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Hackers Unlock, Start Subaru Outback With Cell Phone

Benjamin Hunting
by Benjamin Hunting
August 7, 2011
2 min. Reading Time

It reads like a scene pulled from a bad techno-thriller: a gang of hackers use a smart phone to remotely unlock and start up a car’s engine, stealing the automobile without ever having to pick a lock. Unfortunately for Subaru owners, fantasy has become reality. This past week, a team of computer security researchers demonstrated their ability to use an Android phone to command a Subaru Outback to open its door locks and start its ignition.

The demonstration was done at the Black Hat convention, which is a meeting of computer security professionals that takes places in Las Vegas. The Black Hat Technical Security Conference has been a gathering point for those on both sides of the computer security fence – hackers looking to exploit weaknesses in information systems, and professionals trained to plug potential network holes – since 1997.

According to an article published by SC Magazine, Don Bailey and Matthew Solnik employed a technique they call “war texting,” which allowed them to setup a Global System for Mobile Communications (GSM) network that could intercept the messages being sent between the Subaru Outback test car and the server that controls its software updates and other remotely-transmitted information. By using their own GSM network to snoop out information contained in data packets on the network used by the Subaru, over the period of a few hours the pair of security experts were able to mimic the identity of the server that authorizes unlock and ignition requests, essentially giving them an all-access pass to these aspects of the Outback’s systems.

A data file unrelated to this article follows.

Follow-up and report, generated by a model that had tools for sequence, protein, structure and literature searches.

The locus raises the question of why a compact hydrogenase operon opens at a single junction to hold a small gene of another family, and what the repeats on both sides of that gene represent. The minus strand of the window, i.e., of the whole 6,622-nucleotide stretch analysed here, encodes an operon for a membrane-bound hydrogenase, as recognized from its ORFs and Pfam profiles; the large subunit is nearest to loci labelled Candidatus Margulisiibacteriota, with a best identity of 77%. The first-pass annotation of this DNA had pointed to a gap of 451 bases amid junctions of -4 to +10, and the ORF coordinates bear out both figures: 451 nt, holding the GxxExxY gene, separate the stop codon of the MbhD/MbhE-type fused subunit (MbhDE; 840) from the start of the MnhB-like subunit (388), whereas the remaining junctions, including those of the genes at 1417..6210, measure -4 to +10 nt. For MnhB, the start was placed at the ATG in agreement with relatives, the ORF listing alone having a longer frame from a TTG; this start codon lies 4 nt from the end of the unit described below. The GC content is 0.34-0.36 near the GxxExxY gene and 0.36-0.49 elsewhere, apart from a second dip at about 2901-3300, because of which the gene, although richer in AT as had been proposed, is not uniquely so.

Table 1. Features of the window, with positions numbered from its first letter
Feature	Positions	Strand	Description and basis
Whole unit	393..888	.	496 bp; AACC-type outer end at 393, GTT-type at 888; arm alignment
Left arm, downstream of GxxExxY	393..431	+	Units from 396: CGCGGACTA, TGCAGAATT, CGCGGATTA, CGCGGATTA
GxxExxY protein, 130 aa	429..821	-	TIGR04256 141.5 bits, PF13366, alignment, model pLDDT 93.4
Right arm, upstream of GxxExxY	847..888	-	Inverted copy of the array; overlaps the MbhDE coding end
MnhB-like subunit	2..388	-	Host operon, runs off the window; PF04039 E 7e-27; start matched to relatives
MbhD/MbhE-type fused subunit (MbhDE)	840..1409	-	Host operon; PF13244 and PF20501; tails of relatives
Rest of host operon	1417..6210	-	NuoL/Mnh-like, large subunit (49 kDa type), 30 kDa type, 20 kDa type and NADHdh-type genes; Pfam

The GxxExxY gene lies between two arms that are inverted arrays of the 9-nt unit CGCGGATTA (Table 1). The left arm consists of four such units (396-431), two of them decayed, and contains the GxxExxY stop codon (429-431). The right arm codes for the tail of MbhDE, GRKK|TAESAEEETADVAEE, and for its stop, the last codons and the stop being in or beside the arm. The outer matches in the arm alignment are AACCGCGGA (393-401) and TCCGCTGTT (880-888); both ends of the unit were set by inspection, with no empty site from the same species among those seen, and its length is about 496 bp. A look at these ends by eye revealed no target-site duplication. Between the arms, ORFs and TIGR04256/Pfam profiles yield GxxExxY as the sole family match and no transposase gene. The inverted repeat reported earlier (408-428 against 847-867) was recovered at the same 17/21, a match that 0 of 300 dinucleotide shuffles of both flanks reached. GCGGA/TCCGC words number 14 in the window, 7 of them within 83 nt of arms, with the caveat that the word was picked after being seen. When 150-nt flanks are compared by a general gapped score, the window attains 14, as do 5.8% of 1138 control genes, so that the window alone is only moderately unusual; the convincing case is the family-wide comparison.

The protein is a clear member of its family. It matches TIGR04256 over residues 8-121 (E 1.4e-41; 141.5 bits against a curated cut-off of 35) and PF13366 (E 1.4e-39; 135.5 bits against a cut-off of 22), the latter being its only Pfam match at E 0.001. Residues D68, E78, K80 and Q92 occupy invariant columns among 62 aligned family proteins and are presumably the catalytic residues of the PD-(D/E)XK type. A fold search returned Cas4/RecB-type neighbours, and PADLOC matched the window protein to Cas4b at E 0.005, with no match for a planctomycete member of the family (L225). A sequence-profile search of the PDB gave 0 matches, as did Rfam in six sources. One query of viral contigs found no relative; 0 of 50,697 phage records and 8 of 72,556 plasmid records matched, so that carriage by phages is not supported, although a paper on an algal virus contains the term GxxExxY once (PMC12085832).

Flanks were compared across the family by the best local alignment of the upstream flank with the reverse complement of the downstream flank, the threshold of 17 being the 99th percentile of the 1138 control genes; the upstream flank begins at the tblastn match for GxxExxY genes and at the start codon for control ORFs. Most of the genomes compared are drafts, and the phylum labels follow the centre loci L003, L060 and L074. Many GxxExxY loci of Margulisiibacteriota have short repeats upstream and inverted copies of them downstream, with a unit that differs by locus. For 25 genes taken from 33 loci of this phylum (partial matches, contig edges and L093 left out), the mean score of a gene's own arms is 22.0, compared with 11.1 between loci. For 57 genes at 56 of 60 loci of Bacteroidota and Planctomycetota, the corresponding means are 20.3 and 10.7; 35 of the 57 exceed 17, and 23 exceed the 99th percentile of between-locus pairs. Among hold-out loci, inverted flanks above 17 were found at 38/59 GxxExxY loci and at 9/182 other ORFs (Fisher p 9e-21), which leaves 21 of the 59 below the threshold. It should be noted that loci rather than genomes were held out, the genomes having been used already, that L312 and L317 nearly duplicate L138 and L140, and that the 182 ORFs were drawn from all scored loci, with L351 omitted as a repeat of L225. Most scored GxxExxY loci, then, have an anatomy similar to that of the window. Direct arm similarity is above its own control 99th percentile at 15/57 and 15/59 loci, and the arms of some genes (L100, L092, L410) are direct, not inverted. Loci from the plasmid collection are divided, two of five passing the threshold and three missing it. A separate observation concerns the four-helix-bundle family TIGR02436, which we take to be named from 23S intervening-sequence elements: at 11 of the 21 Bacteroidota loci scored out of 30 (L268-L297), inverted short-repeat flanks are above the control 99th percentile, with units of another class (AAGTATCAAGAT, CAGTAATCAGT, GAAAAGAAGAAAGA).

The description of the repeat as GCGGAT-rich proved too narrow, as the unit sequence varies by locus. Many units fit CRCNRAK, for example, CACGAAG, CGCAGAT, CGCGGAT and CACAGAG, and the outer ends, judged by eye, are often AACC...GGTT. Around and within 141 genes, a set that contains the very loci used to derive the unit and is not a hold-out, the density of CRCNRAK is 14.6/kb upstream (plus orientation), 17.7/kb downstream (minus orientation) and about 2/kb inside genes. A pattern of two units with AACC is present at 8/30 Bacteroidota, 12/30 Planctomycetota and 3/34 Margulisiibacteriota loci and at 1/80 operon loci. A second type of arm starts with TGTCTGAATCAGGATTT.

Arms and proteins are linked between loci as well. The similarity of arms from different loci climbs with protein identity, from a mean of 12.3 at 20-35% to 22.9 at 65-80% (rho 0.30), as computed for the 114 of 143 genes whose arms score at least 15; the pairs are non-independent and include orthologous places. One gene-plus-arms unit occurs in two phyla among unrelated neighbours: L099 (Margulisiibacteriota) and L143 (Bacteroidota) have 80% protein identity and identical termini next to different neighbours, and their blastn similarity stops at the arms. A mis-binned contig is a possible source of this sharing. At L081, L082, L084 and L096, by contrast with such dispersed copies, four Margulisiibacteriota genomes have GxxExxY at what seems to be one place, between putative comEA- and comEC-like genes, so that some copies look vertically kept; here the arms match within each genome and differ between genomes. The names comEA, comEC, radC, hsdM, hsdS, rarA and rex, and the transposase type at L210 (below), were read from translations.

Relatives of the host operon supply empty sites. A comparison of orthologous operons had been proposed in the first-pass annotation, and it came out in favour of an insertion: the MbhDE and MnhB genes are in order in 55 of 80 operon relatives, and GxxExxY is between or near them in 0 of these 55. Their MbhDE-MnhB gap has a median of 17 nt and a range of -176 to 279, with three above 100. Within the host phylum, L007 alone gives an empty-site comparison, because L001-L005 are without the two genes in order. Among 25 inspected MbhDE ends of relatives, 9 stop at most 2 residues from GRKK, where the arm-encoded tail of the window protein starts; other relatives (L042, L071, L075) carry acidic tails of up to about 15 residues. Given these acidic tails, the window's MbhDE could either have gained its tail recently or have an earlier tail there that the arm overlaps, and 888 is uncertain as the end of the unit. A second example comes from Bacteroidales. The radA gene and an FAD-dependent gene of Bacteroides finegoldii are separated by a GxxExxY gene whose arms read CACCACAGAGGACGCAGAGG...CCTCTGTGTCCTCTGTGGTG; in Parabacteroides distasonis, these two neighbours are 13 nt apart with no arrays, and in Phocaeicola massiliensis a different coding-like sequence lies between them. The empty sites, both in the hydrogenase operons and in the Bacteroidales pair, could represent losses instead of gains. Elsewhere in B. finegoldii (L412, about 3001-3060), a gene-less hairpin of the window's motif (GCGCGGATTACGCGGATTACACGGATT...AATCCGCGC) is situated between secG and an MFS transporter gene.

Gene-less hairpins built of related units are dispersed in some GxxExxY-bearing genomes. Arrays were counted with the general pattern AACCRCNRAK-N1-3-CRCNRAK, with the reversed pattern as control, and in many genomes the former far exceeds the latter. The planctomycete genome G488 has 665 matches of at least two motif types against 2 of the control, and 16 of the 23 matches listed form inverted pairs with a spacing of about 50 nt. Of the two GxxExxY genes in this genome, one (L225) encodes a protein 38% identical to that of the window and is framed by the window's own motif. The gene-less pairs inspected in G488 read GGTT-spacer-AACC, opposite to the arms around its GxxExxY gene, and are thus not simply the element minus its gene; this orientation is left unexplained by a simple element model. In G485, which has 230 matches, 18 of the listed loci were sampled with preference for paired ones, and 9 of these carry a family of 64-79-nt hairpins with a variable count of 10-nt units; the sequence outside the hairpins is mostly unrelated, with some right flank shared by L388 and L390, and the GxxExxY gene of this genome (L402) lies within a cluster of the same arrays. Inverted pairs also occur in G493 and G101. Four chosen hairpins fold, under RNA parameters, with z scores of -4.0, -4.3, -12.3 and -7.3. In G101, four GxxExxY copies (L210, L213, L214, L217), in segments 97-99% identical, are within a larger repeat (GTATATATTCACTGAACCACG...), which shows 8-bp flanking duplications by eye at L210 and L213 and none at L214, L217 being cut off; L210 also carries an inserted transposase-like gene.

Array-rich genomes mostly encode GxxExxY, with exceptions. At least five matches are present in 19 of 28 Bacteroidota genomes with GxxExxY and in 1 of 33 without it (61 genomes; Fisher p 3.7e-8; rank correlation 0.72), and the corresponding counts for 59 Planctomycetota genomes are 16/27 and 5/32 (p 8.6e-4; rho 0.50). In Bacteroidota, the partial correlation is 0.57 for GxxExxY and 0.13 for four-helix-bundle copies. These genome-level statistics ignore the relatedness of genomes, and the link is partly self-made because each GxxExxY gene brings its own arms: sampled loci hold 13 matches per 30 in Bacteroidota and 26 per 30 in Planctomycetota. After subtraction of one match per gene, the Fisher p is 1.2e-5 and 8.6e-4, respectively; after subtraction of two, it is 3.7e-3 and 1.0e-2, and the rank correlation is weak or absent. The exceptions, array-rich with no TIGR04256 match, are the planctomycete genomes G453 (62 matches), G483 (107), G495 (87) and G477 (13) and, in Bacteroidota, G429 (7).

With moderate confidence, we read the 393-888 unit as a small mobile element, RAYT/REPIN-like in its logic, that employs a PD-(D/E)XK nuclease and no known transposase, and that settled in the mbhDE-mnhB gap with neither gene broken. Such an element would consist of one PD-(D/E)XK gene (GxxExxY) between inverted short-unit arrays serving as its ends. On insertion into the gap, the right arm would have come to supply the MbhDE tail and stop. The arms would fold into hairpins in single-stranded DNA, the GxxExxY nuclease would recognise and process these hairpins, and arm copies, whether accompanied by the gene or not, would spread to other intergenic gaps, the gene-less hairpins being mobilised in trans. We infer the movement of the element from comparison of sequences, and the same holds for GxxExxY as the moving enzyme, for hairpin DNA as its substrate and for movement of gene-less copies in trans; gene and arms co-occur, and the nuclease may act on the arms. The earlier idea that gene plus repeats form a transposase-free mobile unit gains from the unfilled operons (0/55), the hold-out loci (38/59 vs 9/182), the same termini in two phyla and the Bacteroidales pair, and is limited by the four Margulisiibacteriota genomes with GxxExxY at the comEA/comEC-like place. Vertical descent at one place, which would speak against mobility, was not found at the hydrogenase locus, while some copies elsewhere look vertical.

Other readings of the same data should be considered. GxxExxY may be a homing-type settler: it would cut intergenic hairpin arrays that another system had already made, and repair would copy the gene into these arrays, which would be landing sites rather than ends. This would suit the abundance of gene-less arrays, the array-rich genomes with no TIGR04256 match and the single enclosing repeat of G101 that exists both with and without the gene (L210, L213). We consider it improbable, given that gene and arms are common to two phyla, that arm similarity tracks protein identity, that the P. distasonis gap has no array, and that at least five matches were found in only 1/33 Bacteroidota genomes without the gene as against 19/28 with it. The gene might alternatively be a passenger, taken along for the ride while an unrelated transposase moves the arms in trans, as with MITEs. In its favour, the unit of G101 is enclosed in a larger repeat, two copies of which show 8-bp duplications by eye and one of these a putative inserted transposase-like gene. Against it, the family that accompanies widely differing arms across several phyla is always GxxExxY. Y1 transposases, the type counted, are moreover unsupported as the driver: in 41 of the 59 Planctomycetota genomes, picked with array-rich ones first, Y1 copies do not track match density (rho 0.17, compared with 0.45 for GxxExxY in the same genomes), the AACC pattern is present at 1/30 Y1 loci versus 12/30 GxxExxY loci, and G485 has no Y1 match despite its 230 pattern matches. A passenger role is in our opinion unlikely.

Should drivers be worried about this type of car hacking? In a word, no. Vehicle theft typically doesn’t involve, or even require this level of sophisticated data espionage. Most of the time, thieves enter a vehicle using physical means, such as a broken window, a slim jim or some other lock-defeating device.

Solnik and Bailey have not made public the name of the specific software programs and platforms that they targeted with their text-message attack. The Black Hat demonstration was intended to show automakers that should they not take proper security precautions when developing their automotive software, then it is entirely possible that individuals with less than honorable intentions will gain access to more important systems and cause greater damage. For example, the potential for chaos is amplified should hackers sit in the street after hours in front of a dealership and remotely disable vehicle software on a large scale.

There’s no need to wrap your Subaru in tinfoil – the old advice for theft prevention is still as valid now as it was before cell phones became remote controls for modern cars. Just keep locking your doors, make sure not to park in dark, secluded areas overnight and try not to leave valuables visible in your automobile while it is sitting on the street. These simple tips will go a long way towards making sure you don’t end up a vehicle theft victim.


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